New clinical guidelines for use of noninvasive ventilation in critical care settings are published in CMAJ (Canadian Medical Association Journal).
The use of noninvasive positive-pressure ventilation and noninvasive continuous positive airway pressure by mask has increased significantly among acutely ill patients. A growing body of literature and variations in practice in recent years have necessitated the development of new clinical practical guidelines to help manage patients with acute respiratory distress or failure.
The guidelines were created by the Canadian Critical Care Trials Group/Canadian Critical Care Society Noninvasive Ventilation Guidelines Group. They address the use of noninvasive ventilation in the postoperative setting, in immunocompromised patients, in patients being weaned from conventional mechanical ventilation and in patients at high risk of respiratory failure after removal of breathing tube.
Noninvasive positive pressure ventilation should be the first choice in patients with chronic obstructive pulmonary disease (COPD) or cardiogenic pulmonary edema. It can be used postoperatively or in people with compromised immune systems.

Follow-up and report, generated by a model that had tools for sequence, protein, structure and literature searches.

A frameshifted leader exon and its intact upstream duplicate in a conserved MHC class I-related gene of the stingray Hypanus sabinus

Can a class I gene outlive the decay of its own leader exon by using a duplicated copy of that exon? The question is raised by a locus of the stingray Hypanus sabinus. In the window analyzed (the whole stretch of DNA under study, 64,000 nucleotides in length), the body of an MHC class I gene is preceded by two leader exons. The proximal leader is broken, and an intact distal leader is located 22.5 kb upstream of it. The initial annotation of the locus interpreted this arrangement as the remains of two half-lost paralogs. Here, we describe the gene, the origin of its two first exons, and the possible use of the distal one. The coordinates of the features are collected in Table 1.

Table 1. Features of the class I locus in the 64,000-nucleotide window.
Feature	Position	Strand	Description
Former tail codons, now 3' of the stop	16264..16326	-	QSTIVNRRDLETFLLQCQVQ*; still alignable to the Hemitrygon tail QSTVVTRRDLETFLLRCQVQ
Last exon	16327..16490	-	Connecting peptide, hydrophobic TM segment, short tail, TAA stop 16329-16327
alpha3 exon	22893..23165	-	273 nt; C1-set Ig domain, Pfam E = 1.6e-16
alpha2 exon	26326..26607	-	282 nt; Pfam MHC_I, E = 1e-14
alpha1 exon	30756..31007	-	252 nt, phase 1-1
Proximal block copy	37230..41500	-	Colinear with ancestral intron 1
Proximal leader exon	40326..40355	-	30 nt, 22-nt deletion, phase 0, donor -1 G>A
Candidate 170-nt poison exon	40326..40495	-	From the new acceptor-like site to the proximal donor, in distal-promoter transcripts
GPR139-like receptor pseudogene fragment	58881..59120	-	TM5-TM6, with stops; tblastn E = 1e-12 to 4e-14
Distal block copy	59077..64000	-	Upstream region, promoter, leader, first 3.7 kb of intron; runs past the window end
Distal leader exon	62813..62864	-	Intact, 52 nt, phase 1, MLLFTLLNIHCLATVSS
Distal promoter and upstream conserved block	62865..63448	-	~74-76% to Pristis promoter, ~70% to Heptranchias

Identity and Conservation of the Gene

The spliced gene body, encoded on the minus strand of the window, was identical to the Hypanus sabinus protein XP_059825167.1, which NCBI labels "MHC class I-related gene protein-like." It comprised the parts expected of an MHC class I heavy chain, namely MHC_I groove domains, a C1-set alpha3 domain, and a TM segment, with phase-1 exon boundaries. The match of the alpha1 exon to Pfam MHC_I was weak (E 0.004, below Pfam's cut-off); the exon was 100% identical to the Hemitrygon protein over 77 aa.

"Implementation of these guidelines may require clinician education, additional health care personnel, organizational change or additional resources (equipment or beds with cardiopulmonary monitoring) to ensure safe and appropriate application of noninvasive positive-pressure ventilation and continuous positive airway pressure," writes Dr. Sean Keenan, Royal Columbian Hospital, with coauthors.
"Strategies for the implementation of these guidelines should be developed for each relevant clinician group (physicians in different clinical areas and with different levels of training and expertise, respiratory therapists and nurses)," they conclude.
In a related commentary (pre-embargo link only) www.cmaj.ca/embargo/cmaj110122.pdf, Dr. Andrew Bersten from Flinders Medical Centre in Adelaide, Australia, writes "many factors appear to influence the effective implementation of noninvasive ventilation. These factors include an experienced team of health care staff able to provide 24-hour service and detailed attention to mask interface and leaks, choice of equipment, ventilator settings, inspired oxygen levels, glottic function and clearance of secretions."
"For these guidelines to change clinical practice, they have to be supported by appropriate education, implementation and review. Helping clinicians know when and when not to use noninvasive ventilation is perhaps the most important role for these guidelines," he concludes.